Category Archives: Saskatchewan

Spin City

The old City of Saskatoon website had reached the end of it’s practical life.  It was designed by Zu back before these new fangled things called CMS’s existed and when hand coding HTML was a way of life and while they did a great job of it when it was launched, it was coded in part by Microsoft Frontpage 97 (having used Frontpage 97, you can’t imagine how painful that must have been).  The City of Saskatoon decided last year to get a new one.  After ridiculous comments by city councillors (looking at you Councillor Hill who suggested once that we get a website like Calgary’s for cheap once the prices came down), RFPs, consultations, leaked screen shots, a website promoting the new website, and much hype. it finally launched.

It looks okay outside of some truly horrible font choices.  When I say, “okay” I sadly mean that it looks like it was powered by Joomla (which is was).  It is a lot faster then the old one but there were some problems.  The search feature doesn’t work because someone forgot to upload a new site map to Google Webmaster Tools so all of the old results are there.  Instead of forwarding all of those results to the matching pages on the new site, they left them there as dead links.

Most troubling is that not all of the old content made it over from one site to the other.  Trimming content from a website is nothing new.  Companies do it all of the time.  Governments on the other hand rarely do it, even when they change parties.  I can find press releases and reports on the Government of Saskatchewan or even Government of Canada website going back to the launch of the internet.  Some governments have been aggressive in getting even older stuff online in a variety of searchable formats.  It takes time but in some jurisdictions you have access to an incredible amount of historical information and not all of it flattering.  Calgary, Vancouver, Edmonton, Winnipeg are all great examples of cities who have large expansive archives that share the good and the bad.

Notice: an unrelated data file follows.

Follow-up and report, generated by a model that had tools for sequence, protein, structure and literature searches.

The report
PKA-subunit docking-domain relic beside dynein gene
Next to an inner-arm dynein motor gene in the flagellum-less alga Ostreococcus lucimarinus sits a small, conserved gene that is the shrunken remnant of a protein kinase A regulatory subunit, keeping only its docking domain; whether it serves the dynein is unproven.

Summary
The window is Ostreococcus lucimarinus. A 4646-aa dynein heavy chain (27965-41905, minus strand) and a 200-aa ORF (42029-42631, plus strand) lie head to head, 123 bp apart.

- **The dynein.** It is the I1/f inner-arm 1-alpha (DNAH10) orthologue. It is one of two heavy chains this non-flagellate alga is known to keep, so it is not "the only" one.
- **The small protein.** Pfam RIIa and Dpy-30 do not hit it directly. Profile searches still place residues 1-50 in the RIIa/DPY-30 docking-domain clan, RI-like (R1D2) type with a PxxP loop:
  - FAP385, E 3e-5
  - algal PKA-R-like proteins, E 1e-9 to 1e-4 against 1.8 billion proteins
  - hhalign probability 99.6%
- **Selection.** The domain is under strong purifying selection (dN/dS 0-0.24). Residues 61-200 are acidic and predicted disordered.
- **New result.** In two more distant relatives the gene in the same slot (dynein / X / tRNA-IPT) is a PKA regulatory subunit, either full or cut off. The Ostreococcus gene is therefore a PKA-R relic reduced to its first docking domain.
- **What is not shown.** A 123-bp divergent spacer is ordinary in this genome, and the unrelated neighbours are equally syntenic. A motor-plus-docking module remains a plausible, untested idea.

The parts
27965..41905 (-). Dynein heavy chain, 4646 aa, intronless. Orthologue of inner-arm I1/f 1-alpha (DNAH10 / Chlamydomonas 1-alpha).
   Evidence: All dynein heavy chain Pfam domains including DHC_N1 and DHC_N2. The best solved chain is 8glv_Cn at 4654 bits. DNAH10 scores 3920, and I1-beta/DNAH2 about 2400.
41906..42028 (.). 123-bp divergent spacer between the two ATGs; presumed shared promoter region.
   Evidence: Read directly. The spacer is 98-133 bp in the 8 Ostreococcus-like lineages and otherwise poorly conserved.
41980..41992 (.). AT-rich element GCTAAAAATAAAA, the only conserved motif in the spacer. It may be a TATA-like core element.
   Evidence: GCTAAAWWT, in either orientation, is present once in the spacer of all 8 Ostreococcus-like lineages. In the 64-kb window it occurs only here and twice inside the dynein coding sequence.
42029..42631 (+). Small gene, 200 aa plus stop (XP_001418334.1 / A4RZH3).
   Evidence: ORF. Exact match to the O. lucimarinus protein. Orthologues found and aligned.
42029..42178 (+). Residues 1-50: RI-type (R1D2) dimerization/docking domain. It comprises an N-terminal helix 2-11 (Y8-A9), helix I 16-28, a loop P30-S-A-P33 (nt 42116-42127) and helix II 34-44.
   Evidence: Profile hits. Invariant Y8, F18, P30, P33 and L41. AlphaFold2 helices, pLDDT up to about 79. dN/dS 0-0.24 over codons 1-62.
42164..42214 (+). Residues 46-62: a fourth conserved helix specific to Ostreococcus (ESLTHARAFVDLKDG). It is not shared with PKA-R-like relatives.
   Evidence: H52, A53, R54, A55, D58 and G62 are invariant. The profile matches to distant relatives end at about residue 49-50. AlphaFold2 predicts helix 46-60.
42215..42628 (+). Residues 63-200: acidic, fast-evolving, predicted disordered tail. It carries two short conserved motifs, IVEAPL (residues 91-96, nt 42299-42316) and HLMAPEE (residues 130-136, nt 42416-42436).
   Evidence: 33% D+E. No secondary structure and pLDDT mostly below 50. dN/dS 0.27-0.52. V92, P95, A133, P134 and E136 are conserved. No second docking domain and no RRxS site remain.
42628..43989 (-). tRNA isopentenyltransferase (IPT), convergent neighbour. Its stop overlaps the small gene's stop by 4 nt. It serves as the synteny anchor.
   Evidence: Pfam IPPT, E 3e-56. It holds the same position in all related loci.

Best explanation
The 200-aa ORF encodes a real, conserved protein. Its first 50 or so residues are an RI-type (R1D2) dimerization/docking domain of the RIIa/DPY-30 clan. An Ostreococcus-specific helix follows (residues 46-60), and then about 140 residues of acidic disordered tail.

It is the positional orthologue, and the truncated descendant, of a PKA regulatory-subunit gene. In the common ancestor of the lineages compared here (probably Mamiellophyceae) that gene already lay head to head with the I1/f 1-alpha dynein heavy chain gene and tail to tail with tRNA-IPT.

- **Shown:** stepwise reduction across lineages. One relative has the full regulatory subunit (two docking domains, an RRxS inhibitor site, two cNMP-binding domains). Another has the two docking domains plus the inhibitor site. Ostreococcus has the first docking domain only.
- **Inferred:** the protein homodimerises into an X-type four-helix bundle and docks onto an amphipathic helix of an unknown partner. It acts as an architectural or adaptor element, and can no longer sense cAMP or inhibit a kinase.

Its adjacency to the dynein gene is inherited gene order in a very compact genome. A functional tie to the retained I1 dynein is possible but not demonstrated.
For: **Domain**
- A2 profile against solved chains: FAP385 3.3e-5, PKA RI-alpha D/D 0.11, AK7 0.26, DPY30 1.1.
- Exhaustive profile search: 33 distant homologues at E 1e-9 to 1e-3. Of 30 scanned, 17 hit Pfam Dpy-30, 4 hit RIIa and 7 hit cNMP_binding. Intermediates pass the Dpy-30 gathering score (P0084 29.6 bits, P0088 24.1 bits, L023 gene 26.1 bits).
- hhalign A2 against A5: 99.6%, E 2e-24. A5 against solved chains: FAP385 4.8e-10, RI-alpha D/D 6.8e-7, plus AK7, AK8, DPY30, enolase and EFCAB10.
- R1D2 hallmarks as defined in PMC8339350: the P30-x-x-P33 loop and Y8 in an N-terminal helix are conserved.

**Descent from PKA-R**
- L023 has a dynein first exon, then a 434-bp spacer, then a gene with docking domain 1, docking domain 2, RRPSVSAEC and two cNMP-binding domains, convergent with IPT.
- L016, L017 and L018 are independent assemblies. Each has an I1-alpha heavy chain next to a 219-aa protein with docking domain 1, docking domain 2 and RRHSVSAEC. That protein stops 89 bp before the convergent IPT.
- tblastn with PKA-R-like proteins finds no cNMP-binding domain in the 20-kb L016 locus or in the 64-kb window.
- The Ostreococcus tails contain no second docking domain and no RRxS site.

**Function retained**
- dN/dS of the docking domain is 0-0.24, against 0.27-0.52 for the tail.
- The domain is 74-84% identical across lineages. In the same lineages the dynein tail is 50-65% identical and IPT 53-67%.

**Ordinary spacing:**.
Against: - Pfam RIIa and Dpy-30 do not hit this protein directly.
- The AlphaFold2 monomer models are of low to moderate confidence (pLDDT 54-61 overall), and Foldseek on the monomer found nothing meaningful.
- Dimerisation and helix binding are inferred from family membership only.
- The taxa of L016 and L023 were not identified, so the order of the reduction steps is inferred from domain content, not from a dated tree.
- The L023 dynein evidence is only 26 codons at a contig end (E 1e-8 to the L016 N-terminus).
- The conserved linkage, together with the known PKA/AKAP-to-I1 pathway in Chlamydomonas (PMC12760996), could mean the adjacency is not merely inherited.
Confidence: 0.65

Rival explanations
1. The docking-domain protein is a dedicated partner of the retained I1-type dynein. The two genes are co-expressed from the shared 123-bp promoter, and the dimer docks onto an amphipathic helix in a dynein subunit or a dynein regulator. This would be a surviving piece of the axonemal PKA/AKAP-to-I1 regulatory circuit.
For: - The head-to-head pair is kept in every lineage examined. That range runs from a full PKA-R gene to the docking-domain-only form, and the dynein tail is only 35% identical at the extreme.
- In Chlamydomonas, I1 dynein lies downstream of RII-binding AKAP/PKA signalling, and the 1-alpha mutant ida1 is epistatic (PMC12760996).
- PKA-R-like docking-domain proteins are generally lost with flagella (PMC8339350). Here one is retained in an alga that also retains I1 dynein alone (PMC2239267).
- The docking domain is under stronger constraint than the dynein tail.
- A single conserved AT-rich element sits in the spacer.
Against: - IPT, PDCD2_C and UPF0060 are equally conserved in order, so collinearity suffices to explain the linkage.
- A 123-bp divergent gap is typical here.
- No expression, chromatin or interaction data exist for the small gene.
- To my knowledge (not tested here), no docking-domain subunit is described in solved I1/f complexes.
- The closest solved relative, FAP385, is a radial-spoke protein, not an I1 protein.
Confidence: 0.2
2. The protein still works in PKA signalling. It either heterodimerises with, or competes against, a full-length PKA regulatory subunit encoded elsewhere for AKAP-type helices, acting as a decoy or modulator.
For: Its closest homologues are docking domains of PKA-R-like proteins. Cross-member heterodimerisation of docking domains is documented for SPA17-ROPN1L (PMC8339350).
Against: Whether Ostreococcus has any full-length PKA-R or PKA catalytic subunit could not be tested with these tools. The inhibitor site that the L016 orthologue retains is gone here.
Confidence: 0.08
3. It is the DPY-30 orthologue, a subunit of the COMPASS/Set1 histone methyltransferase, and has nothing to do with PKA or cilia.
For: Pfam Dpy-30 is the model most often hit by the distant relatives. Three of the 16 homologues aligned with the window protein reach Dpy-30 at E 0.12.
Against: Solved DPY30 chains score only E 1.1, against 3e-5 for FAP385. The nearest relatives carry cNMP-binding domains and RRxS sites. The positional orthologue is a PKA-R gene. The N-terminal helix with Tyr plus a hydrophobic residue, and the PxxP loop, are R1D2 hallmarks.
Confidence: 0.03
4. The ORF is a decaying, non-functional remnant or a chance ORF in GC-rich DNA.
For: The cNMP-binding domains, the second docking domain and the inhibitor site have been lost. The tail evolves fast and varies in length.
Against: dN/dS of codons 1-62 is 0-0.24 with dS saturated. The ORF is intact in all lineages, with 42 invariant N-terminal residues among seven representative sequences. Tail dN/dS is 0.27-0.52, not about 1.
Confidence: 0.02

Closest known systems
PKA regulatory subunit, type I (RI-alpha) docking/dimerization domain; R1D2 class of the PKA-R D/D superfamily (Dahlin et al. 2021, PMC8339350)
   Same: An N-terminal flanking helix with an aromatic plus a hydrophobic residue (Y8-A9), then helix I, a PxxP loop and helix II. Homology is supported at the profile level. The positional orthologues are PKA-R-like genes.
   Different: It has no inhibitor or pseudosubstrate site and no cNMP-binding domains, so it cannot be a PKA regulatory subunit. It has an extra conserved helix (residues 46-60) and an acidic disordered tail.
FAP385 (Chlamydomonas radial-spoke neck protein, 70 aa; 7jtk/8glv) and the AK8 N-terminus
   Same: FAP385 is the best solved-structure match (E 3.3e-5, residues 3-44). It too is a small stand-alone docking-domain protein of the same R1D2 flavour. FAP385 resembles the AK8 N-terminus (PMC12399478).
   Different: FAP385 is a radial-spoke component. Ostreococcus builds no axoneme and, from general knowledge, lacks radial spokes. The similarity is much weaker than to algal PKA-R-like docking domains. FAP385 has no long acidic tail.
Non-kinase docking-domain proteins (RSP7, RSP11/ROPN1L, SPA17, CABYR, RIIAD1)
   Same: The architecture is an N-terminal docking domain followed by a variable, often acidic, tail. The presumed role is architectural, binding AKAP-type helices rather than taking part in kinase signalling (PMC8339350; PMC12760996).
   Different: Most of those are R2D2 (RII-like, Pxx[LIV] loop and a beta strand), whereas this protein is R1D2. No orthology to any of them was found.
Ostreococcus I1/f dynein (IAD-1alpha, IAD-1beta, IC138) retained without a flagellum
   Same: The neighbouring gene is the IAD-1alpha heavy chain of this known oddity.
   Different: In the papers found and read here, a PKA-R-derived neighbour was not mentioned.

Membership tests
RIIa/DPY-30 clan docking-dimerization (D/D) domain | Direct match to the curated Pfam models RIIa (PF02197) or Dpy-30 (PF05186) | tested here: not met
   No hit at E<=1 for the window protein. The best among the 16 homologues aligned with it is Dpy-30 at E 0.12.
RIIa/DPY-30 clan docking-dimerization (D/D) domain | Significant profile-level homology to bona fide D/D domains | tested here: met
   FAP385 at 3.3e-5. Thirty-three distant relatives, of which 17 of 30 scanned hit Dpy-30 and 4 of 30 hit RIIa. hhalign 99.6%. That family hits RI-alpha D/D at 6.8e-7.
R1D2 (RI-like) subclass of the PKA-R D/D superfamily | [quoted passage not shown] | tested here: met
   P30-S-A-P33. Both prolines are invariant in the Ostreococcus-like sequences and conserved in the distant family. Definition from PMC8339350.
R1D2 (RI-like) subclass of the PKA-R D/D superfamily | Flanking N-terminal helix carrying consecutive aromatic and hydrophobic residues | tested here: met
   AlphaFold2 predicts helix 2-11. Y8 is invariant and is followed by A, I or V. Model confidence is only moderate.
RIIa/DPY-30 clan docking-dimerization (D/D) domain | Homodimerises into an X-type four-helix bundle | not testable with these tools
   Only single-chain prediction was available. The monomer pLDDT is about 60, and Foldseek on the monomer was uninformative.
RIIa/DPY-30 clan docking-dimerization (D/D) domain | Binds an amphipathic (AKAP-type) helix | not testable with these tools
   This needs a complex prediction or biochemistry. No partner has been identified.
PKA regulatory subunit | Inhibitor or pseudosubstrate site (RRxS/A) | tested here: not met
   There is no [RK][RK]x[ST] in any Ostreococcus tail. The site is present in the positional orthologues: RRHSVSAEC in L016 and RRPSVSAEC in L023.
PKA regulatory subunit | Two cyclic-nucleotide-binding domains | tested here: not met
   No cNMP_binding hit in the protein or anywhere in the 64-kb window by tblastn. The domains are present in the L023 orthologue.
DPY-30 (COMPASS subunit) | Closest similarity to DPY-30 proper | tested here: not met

With the launch of Saskatoon’s new website, we have lost a lot of that information.  The City Clerk’s portion of the website used to hold the reports, papers, and even articles related to Saskatoon’s history that were accessible nowhere else.  The City Clerk doesn’t even have a section on the new site.  Old archived videos and council agenda minutes and reports are gone.  They are supposed to be uploaded “soon” but why launch without the content that used to be there?

After I wrote Councillor Darren Hill about this. Within a day of that, there was a note say that if you were looking for that information, you could ask the city for it. So I did.  I asked for all of it.  So far I have been promised that someone will be in touch.

I could ask for it, because I knew about it but if you don’t know about those reports (last year I was sitting down with a City Councillor who had no idea that the City of Saskatoon had benchmark reports comparing us with other western Canadian cities), you won’t even know to get them.  That is why you have a city website with all sorts of information on it, so people can browse.  It is something that we have lost now and unless City Council puts their feet down, we won’t get it back.

Why does this matter?  The City says that people rarely access those reports.  They could be right.  Maybe it was only Hilary and myself who poured through them (I know there were others) but they were there and gave anyone who cared enough to access them some insight into how the City of Saskatoon was run and the data, rules, and regulations that drove decisions (or in most cases, were ignored by councillors.  

That information was commissioned by the City and now isn’t available to be browsed for really no reason.  It isn’t 1995.  The City of Saskatoon isn’t being hosted on the Saskatoon Free-Net or GeoCities.  They have more than a megabyte of storage to work with.  Actually if storage is a factor, then the City of Saskatoon has the most incompetent IT people in the world.